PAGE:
We are reasonably safe. The next time you see a car being pulled-over by the police take note of how it plays out. Notice, in particular, that the officer’s body language does not convey extreme fear or caution. You will not see that hand-on-the-gun side-step approach. No, the officer will simply stride to the window and ask for the normal documents. That, by itself, signifies the fact that we expect strangers to not pose a threat to us. Violence is not the norm here.
Necessities of life (food, clothing, etc.) are affordable and obtainable. It’s become popular to gripe about the cost of milk, gasoline, meat, whatever. Lost in this whole conversation is the simple fact that costs of the basic necessities comprise a much lower percentage of our time and money than they once did. In the pre-industrial age, for example, the mere provisioning of food tied up all of the efforts of about 80% of the population. By contrast food production now runs more like 15-20% of so-called ‘manufacturing’. More importantly, we now only spend 10-15% of our income on food. And, look, a litre of gasoline is cheaper than a litre of bottled water–read what you want into that! This is not to say that, as consumers, we should continue to advocate for prices that balance a living wage for the producers against our own prices. The fact remains that in general our society offers more than just the possibility of having more than enough to sustain the basic needs of life, thus leaving us with the resources to pursue our concept of ‘the good life’ if we wish.
We have a vibrant arts community. Notwithstanding all of the commotion around governments’ lack of support for the arts, the fact remains: we are truly surrounded by beauty produced by our culture. Music, dance, visual art–the list goes on. You can find it everywhere; in the streets, the bars, the shops and the publically-supported spaces we have. What’s more there is general acceptance that this is of value. Those of you who wish to argue need only visit George Street or any craft fair or theatre and see for yourselves.
Sport is valued. Sure, not enough people are participating but there’s no doubt that society is actively encouraging it. Yes, cheap fast food entices us to undo our best efforts at personal fitness. Also agreed: TV and video-games are spiriting our young people away from the physical activity they need. That aside, let’s not forget that for the most part those are things that we should be dealing with as individuals. ‘Society’ is not feeding our kids junk and chaining them to the TV. We–parents and guardians of all types–are responsible for that. There are options to junk food and passive entertainment and institutions do provide and promote them. The fact remains that we live in a society that has a lot to offer in the way of sport and it is just up to us as individuals to get on with it.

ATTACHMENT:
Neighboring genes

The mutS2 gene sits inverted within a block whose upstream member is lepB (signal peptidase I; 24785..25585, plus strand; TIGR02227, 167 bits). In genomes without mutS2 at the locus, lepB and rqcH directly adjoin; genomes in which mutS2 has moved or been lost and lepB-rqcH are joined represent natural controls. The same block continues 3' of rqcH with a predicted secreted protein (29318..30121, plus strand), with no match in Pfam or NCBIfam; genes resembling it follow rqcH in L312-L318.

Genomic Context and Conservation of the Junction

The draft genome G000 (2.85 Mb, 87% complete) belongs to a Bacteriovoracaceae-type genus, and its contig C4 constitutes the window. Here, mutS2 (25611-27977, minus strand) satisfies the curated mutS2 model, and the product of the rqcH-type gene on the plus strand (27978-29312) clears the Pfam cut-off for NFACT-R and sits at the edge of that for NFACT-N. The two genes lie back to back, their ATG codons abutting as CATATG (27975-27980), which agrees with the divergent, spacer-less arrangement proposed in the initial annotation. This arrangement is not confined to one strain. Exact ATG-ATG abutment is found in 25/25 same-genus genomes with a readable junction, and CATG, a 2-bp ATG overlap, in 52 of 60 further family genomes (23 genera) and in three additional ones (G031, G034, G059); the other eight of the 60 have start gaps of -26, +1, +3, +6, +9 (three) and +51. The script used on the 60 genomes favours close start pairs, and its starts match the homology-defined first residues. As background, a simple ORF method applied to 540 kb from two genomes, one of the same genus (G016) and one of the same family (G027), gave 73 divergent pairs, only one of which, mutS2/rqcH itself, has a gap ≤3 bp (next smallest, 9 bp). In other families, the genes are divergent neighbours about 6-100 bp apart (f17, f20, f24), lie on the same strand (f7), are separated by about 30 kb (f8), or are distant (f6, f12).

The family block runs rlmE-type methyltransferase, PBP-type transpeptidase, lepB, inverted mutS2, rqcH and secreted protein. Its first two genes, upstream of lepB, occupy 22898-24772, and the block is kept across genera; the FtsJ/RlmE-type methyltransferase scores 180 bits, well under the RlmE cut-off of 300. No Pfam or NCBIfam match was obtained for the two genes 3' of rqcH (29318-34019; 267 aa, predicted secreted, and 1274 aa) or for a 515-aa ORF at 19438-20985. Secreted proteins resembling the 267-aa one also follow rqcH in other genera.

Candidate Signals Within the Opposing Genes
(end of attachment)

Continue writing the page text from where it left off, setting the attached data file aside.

We have access to decent health care. Turn on the TV or the radio and you will hear story after story of people left waiting for critical care or for particular procedures. Stories about about malpractice or professional misconduct also abound. You will also hear much about the terrible wasteful bureaucracy that surrounds our whole system. Bashing health care is socially acceptable, almost a starting point for social conversation because there exists an unwritten agreement that the ‘the system’ is failing us. Lost in that, though, are the tremendous advances that modern health care have brought. We forget so easily that in our past the infant mortality rate was tragically awful, the population at large was generally undernourished, pain and suffering was commonplace and widespread infectious diseases took a steady deadly toll. Just look at the life expectancy rates from just 50 years ago. Today we live in a society where vaccination programs have all but wiped out those deadly infectious diseases, where free dental and eye care have had almost immeasurable benefit and where routine medical procedures are just that: routine. Broken limbs, lacerations, infections. They are nothing compared to what they once were. What remains are the truly hard cases. That is what they are and it’s wise to bear that in mind. The next time you need to visit a hospital, take the time to look and listen. Notice the doctors who hurry by. A casual glance might imply rush; impatience. A closer look will reveal determination; a need practice a highly-skilled craft in the face of emergencies and tight deadlines. Watch the nursing staff–a close look shows the human response to the weight of an almost unbearable workload; a response fueled by a combination of dedication and compassion. It’s everywhere, in the diagnostic, administrative and maintenance staff, everywhere you look you find the collective application humanity. Say what you will, as long as that is there the system is something we can be thankful for.